challenge to be that open -- especially when my own dependable
stories seem threatened.
Furthermore, I think that many seemingly divergent stories
can only make sense together when we view them in good light,
from a distance -- or from very close, through our hearts. In
order for this to happen, of course, these stories must be fully
heard -- which is quite rare nowadays. Sometimes healing or transformation
happens simply because someone fully heard someone else's story.
Real listening seems to turn walls and battlements into doorways,
paths, sometimes even glorious sky-wide sunrises....
There is such a close kinship between story and truth (or
reality). The poet Murial Rukeyser tells us "the universe
is made of stories, not atoms."
So how much of "truth" is actually to be found in
facts, and how much is to be found in the stories we tell ourselves
and each other about what's happening and what that means? Facts
may, indeed, get whatever power they have from the stories they
In myself and others I see selected facts and logics coalescing
around good stories they support, while other facts and logics
(which don't fit so well) are ignored, actively rejected or even
fought. After all, if we let the misfits in, we might have to
change a good story or two -- even lose confidence in the fundamental
stories we use to make sense of everything else -- our Truth.
We might have to live in uncertainty, puzzled or excited, vulnerable
to whatever came next that could shake up our world.
This is not a comfortable place to be. But I can imagine it
being closer to The Truth -- where The Truth is not a story or
anything very solid, but an opening into greater vastness, greater
detail, greater diversity, deeper layers of every story that
comes along, and the natural co-creativity that bubbles up out
of all those stories interacting -- an awed partnership with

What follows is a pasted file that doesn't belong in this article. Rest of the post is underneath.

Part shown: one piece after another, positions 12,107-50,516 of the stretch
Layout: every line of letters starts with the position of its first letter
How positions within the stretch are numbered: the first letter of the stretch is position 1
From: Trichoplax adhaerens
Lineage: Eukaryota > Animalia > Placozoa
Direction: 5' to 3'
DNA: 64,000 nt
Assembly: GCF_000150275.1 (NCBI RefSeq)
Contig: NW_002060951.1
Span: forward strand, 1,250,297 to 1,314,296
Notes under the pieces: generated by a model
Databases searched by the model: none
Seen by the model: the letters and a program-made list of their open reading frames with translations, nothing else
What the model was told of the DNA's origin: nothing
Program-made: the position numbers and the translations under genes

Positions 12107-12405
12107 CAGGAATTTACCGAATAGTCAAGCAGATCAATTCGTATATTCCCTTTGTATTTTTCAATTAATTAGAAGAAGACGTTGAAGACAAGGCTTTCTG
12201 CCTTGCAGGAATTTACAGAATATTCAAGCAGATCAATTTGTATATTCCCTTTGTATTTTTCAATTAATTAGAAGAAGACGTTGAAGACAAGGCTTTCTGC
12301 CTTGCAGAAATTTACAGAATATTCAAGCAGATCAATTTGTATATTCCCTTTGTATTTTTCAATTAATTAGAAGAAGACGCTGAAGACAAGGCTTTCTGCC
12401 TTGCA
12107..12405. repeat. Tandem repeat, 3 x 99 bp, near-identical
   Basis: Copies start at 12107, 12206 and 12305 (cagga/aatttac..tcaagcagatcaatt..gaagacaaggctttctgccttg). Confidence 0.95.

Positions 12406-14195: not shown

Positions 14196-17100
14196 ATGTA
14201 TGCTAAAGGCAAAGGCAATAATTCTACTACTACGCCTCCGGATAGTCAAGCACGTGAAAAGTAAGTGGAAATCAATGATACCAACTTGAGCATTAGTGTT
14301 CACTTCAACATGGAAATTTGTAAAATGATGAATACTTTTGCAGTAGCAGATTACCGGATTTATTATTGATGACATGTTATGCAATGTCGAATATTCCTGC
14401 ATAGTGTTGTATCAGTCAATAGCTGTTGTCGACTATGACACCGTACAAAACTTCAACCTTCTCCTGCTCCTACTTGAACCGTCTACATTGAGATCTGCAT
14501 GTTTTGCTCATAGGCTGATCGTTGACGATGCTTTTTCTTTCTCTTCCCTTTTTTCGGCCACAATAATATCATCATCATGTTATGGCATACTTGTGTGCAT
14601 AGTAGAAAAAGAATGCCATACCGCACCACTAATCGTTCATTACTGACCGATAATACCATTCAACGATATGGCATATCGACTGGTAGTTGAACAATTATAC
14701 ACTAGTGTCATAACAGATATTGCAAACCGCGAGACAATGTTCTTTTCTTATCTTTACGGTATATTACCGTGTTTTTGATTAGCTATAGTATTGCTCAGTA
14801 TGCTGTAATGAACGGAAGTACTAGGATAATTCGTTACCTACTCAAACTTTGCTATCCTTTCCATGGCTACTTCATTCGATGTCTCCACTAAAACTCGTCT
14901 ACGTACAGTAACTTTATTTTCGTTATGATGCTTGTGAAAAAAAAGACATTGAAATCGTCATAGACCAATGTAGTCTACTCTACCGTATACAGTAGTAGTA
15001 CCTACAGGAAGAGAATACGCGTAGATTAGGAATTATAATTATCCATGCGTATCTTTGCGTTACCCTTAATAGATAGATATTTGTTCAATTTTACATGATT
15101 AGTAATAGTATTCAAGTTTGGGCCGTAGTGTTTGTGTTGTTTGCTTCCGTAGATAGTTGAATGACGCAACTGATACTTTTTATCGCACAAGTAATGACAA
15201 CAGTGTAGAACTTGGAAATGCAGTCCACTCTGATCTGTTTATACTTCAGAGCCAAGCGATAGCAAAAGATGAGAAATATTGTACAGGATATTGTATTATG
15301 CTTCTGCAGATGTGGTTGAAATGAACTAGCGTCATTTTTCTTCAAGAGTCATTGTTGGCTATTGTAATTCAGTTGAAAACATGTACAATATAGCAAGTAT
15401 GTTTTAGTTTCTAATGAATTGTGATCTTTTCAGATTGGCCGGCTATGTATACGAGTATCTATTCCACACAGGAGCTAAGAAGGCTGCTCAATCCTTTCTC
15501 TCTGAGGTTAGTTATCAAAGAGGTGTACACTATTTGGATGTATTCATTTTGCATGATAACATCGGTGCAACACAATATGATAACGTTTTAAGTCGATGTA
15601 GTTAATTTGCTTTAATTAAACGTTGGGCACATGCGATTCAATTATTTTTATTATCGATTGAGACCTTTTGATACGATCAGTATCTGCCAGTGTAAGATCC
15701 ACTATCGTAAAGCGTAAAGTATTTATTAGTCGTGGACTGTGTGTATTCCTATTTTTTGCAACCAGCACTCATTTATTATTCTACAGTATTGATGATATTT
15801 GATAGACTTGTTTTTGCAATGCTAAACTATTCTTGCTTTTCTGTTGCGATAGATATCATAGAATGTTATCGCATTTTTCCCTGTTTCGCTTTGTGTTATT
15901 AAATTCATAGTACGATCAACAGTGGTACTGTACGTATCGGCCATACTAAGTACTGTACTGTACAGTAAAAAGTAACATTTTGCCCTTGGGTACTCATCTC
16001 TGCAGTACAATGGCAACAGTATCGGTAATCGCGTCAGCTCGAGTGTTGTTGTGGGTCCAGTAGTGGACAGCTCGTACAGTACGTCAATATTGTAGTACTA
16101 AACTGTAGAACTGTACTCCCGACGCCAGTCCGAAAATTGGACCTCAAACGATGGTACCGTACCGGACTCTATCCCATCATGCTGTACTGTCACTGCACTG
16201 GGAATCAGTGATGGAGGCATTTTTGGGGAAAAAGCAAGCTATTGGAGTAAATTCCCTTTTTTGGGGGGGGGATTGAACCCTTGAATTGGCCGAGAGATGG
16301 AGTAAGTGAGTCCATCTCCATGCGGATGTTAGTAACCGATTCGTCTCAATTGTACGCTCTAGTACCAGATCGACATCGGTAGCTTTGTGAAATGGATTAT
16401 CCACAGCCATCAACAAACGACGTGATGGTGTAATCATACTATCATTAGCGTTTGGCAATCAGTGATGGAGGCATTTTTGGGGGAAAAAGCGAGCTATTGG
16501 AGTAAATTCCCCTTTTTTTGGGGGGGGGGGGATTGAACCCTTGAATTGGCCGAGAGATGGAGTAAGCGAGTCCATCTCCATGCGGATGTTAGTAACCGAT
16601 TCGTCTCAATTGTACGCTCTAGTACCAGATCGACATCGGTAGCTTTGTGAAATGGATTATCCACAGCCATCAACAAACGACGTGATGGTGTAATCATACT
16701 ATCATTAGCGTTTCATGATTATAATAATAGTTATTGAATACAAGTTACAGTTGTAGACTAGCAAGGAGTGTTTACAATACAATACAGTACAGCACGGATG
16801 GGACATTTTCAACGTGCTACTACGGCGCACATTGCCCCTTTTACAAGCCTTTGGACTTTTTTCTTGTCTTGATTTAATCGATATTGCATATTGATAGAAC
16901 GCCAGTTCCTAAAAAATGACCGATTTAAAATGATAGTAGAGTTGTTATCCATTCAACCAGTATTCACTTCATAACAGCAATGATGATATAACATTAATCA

the wild unfolding of the universe.
It might be healthier place to live, in the long run, than
any of the places where we decide we know enough to leave our
uncertainty and openness behind.
If we got accustomed to living there, I suspect we might even
become wise. But I'm not sure we'd even notice we'd changed.
We'd be too busy exploring each other's worlds and finding our
way together into shared stories that make temporary but powerful
sense to us all.
So perhaps the lies of politicians are best seen as mirrors
in which to see more clearly our own ambivalence about Truth
and our passionate love affair with Story, that we may step through
the looking glass together, with eyes open, to co-create a new
civilization where power is less toxic and Truth is in love with
On the other hand, perhaps we should just fight the lies,
since official lies lead to mass ignorance which leads, in turn,
to wave upon wave of collective catastrophe. Or perhaps there
are new institutions we could create that would officially make
more of the truth more available to more of the people more of
the time. Or perhaps it is time to take stock of our own half-truths
and biases, dictated by the need to create positional stories
solid enough to survive the political battleground. Perhaps it
is time to re-think the trade-offs involved.
The journey towards greater Truth proceeds along a thousand
paths. There is room for all.